Akpo H. A., Atindogbé G., Maxwell C. Obiakara M. C., Gbedolo M.A., Laly F. G., Lejeune P., Fonton N. H.

[2020] Accuracy of tree stem circumference estimation using close range photogrammetry: Does point-based stem disk thickness matter? Trees, Forests and People 2, 7 p.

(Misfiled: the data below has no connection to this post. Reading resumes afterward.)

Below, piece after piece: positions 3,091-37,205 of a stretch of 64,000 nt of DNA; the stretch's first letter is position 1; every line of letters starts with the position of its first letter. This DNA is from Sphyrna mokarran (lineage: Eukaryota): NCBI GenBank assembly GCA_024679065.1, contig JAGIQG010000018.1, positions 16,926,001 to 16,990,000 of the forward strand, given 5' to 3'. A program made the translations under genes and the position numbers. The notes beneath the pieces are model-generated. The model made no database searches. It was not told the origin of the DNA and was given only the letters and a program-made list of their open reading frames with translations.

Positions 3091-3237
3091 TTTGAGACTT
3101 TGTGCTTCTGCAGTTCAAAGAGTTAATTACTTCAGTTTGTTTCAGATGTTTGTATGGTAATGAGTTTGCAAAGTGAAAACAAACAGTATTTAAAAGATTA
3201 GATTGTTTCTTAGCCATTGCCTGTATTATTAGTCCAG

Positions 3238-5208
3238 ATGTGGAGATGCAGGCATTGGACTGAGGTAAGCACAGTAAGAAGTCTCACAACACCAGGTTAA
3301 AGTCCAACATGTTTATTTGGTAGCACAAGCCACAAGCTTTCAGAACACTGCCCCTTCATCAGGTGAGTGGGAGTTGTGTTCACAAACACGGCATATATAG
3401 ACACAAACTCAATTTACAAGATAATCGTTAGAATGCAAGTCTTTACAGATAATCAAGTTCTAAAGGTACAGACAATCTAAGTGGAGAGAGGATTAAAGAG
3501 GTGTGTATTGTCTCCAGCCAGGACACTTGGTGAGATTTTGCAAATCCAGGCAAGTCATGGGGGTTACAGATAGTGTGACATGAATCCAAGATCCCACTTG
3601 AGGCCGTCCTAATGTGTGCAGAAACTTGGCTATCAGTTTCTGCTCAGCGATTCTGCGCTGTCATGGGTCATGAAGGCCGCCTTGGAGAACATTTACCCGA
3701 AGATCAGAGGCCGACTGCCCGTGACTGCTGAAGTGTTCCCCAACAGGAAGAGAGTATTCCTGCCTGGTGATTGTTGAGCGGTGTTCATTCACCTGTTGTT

There is an increase in the use of photogrammetric point clouds for tree attribute mensuration. Stem diameter and circumference can be estimated from point clouds using stem disks of varying thicknesses along the bole. However, there is a dearth of information on the effect of the thickness of point cloud-based stem disks on the accuracy of diameter and circumference estimations. In this study, we outlined a GIS-based procedure for analysing Structure from Motion-derived photogrammetric point clouds with a view to providing an optimal disk thickness for accurate circumference estimates. Geo-referenced point clouds were created from photographs of 30 trees belonging to five savanna species. For each tree, 20 horizontal stem disks, with increasing thicknesses of 1 to 20 mm were made at breast height using the open source QGIS software. The resulting cross-sections were manually delineated and digitised. The difference between reference (manually measured) and point cloud-based circumferences at breast height was expressed as mean absolute percent error (MAPE) and compared across tree species, size and disk thickness. We found significant effects of species identity, tree size and disk thickness on MAPE. A stem disk of 7 mm in thickness provided consistently lower MAPE values (< 6%). This suggests that the accuracy of tree stem circumference estimations from photogrammetric point clouds depends on stem disk thickness.

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